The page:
Nasal congestion, or a stuffy nose, is the uncomfortable feeling of not being able to breathe adequately through your nose. This is common during colds or flu but fortunately temporary and usually resolves with the other symptoms of your cold/flu. There are, however, some cases where the nasal congestion is chronic and may impair your quality of life.
What are the common causes of chronic nasal congestion?
- Hay fever or allergies – Mostly due to airborne allergens such as pollen or grass seeds, or house dust mite. Some allergies may be seasonal, while others will be present on most days of the week year-round.
- Non-allergic rhinitis – This includes, amongst other things, a reaction to chemicals, perfumes or insecticides.
- Rebound rhinitis (Rhinitis medicamentosa) – Chronic nasal congestion caused by the overuse of nasal decongestants containing oxymetazoline. These are your typical nasal sprays used during colds or flu for temporary relief of nasal congestion. Remember – oxymetazoline-containing drugs should never be used longer than five days at a time.
Enlarged adenoids in children – Typically, children with large adenoids will snore and sleep with an open mouth. Large adenoids may completely obstruct a child’s nose, forcing him/her to constantly breathe through his/her mouth.
- Enlarged nasal turbinates – These are normal intra-nasal structures which help to humidify and warm air that flows through your nose. In some cases, these turbinates may become enlarged, thus limiting the space in your nose for air to pass.
- Chronic sinusitis – This is a chronic inflammatory condition of the lining of your nose and sinuses. Nasal obstruction will be accompanied by one or more of the following: Thick discoloured nasal discharged and/or post-nasal drip; a decreased sense of smell and taste; a feeling of fullness, pain, pressure or tenderness around the eyes, nose, cheeks, and forehead; pain in your upper teeth.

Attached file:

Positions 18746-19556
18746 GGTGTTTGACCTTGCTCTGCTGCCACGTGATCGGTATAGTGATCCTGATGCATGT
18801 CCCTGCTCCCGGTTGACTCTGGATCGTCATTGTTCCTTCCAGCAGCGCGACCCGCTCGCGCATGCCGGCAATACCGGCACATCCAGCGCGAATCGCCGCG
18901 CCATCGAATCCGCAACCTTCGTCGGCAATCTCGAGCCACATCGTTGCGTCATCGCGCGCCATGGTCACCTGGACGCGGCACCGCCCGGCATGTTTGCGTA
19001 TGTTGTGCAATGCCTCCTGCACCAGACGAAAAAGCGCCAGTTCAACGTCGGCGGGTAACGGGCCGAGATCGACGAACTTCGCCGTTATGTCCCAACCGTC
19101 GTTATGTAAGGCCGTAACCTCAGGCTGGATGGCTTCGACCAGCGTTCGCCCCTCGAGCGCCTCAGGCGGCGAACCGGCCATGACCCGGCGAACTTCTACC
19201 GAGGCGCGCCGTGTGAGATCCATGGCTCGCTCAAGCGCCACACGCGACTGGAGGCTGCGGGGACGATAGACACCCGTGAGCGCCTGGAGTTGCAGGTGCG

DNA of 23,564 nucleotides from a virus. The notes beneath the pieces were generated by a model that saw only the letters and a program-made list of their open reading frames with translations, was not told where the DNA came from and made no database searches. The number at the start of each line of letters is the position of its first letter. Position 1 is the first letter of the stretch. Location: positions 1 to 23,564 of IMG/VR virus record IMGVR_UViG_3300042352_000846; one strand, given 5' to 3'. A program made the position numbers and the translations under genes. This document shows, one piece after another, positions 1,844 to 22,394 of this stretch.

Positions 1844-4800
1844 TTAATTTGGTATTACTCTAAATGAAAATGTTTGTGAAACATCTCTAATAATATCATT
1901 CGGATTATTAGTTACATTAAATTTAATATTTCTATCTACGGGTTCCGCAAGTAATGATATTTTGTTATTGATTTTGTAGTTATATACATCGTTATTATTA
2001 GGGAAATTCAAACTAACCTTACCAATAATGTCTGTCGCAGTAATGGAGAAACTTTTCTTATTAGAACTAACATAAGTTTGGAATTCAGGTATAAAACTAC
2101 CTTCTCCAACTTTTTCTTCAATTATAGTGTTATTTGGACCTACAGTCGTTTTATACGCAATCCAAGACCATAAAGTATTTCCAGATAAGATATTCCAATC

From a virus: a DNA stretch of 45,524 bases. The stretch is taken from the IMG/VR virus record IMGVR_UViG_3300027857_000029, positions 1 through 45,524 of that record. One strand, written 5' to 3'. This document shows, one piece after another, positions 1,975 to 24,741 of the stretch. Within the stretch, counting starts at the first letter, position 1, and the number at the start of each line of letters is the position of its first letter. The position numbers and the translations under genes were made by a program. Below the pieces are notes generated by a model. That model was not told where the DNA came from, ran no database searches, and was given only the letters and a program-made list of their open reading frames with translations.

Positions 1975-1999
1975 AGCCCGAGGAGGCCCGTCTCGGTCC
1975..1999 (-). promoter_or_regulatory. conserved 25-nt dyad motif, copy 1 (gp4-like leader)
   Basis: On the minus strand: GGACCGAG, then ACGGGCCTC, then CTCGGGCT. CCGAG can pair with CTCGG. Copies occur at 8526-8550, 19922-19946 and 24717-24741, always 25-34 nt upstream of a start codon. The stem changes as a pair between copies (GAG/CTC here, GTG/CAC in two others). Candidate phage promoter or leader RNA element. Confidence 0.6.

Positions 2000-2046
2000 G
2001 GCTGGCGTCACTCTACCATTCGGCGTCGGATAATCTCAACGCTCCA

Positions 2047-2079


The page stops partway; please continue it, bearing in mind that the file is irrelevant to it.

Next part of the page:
- Nasal polyps – These are non-cancerous teardrop-shaped growths originating from the lining of the sinuses. This is usually part of a specific type of chronic sinusitis. Polyps are painless and, when large enough, cause nasal obstruction and a reduced ability to smell.
- A deviated septum – The wall between the nasal passages (nasal septum) may be displaced to one side. This usually causes constant nasal obstruction of one or both nostrils. People may be born with a deviated septum, or it may have developed following trauma to the nose.
How to treat nasal congestion:
When due to a cold/flu, the nasal congestion will improve with the rest of the symptoms, and there is no need for concern. For chronic obstruction, most of the causes can be effectively managed with the daily use of an intra-nasal steroid spray. The newer steroid sprays have been proven safe for chronic use, even in toddlers, as there is close to zero systemic absorption of the steroid. With rebound rhinitis, the decongestant oxymetazoline spray should be stopped completely. This may be extremely difficult initially. You will also require at least an intra-nasal steroid spray.
When medical treatment fails to give the desired result, surgery may be indicated. This may include ESS (endoscopic sinus surgery), nasal turbinate surgery (turbinoplasty) and/or surgery to correct the deviated septum (septoplasty). In the case of children where enlarged adenoids have been diagnosed, an adenoidectomy where the adenoids are removed usually corrects the problem.